dc.description.abstractBACKGROUND: Weight comments are commonly received by adolescents, but the accuracy of the comments and their effects on weight misperception are unclear. We assessed the prevalence and accuracy of weight comments received by Chinese adolescents from different sources and their relation to weight misperception. METHODS: In the Hong Kong Student Obesity Surveillance (HKSOS) project 2006-07, 22612 students aged 11-18 (41.5% boys) completed a questionnaire on obesity. Students responded if family members, peers and professionals had seriously commented over the past 30 days that they were 'too fat' or 'too thin' in two separate questions. The accuracy of the comments was judged against the actual weight status derived from self-reported height and weight. Self-perceived weight status was also reported and any discordance with the actual weight status denoted weight misperception. Logistic regression yielded adjusted odd ratios for weight misperception by the type of weight comments received. RESULTS: One in three students received weight comments, and the mother was the most common source of weight comments. Health professional was the most accurate source of weight comments, yet less than half the comments were correct. Adolescents receiving incorrect comments had increased risk of having weight misperception in all weight status groups. Receiving conflicting comments was positively associated with weight misperception among normal weight adolescents. In contrast, underweight and overweight/obese adolescents receiving correct weight comments were less likely to have weight misperception. CONCLUSION: Weight comments, mostly incorrect, were commonly received by Chinese adolescents in Hong Kong, and such incorrect comments were associated with weight misperception.en_US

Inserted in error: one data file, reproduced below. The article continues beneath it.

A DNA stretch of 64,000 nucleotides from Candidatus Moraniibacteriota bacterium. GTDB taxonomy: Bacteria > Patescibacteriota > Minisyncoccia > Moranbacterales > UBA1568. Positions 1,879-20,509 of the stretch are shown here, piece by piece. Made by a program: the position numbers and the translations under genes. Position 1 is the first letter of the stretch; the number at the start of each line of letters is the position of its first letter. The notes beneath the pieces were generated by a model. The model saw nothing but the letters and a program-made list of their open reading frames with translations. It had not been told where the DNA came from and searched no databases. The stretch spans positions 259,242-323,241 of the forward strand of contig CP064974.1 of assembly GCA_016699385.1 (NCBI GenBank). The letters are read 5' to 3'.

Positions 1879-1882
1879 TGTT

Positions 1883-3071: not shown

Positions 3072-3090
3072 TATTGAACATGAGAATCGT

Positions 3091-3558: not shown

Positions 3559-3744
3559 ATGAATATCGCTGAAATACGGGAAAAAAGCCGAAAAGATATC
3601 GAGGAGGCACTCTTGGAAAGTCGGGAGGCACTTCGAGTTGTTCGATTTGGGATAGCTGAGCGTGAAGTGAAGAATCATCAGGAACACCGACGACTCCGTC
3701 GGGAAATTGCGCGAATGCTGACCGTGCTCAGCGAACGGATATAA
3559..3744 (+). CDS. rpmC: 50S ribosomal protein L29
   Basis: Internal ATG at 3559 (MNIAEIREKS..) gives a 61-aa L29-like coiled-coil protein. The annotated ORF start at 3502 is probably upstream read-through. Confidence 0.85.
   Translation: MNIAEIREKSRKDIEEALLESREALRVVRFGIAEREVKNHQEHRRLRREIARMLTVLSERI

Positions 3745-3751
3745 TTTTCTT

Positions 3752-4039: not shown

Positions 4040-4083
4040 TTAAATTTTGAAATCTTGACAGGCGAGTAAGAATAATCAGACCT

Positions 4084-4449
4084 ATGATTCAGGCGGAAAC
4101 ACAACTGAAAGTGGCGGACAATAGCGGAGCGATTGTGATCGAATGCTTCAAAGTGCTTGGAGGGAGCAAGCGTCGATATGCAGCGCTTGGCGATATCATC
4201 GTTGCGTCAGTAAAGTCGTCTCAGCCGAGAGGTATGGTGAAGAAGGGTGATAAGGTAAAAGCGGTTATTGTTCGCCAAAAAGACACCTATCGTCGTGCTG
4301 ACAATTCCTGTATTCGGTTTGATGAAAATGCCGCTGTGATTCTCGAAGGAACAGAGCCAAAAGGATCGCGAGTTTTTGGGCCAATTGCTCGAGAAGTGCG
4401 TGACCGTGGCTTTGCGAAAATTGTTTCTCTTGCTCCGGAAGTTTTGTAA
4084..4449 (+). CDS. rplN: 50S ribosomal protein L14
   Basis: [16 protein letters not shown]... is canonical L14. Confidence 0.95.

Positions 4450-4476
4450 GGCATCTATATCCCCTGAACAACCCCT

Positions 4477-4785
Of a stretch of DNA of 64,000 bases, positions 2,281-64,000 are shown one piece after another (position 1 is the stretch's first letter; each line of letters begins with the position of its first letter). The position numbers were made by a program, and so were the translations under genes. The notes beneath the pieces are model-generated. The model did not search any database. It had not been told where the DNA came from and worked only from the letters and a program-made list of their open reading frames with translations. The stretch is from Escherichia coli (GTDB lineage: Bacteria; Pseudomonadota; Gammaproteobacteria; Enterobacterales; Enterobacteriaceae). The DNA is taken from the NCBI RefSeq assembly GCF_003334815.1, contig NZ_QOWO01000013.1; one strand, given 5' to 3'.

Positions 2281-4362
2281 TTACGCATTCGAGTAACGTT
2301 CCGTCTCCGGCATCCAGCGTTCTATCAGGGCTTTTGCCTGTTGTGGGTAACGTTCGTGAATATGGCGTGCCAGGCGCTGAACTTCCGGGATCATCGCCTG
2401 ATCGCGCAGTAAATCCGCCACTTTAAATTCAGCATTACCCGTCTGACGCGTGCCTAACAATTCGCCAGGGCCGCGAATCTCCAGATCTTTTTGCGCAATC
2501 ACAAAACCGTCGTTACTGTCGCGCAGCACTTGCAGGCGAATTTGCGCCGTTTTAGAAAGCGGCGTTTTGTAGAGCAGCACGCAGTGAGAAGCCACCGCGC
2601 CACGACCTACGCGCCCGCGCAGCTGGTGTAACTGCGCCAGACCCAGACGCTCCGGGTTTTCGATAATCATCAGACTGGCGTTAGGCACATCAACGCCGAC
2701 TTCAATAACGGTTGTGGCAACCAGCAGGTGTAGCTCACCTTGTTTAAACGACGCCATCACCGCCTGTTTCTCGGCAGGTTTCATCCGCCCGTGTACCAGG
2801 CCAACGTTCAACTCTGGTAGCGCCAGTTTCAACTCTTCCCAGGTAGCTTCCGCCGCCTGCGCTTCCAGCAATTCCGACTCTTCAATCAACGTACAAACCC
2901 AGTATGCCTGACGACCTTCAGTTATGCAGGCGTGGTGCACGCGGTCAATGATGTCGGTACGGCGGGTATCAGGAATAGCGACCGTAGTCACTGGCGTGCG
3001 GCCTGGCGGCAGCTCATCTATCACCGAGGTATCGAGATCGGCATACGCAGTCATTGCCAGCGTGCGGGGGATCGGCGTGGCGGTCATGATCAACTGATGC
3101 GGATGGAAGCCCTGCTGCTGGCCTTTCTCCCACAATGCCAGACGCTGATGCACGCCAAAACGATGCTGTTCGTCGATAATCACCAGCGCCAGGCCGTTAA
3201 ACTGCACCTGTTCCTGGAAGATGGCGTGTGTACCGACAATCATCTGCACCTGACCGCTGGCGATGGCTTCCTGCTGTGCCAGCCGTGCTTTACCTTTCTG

dc.languageengen_US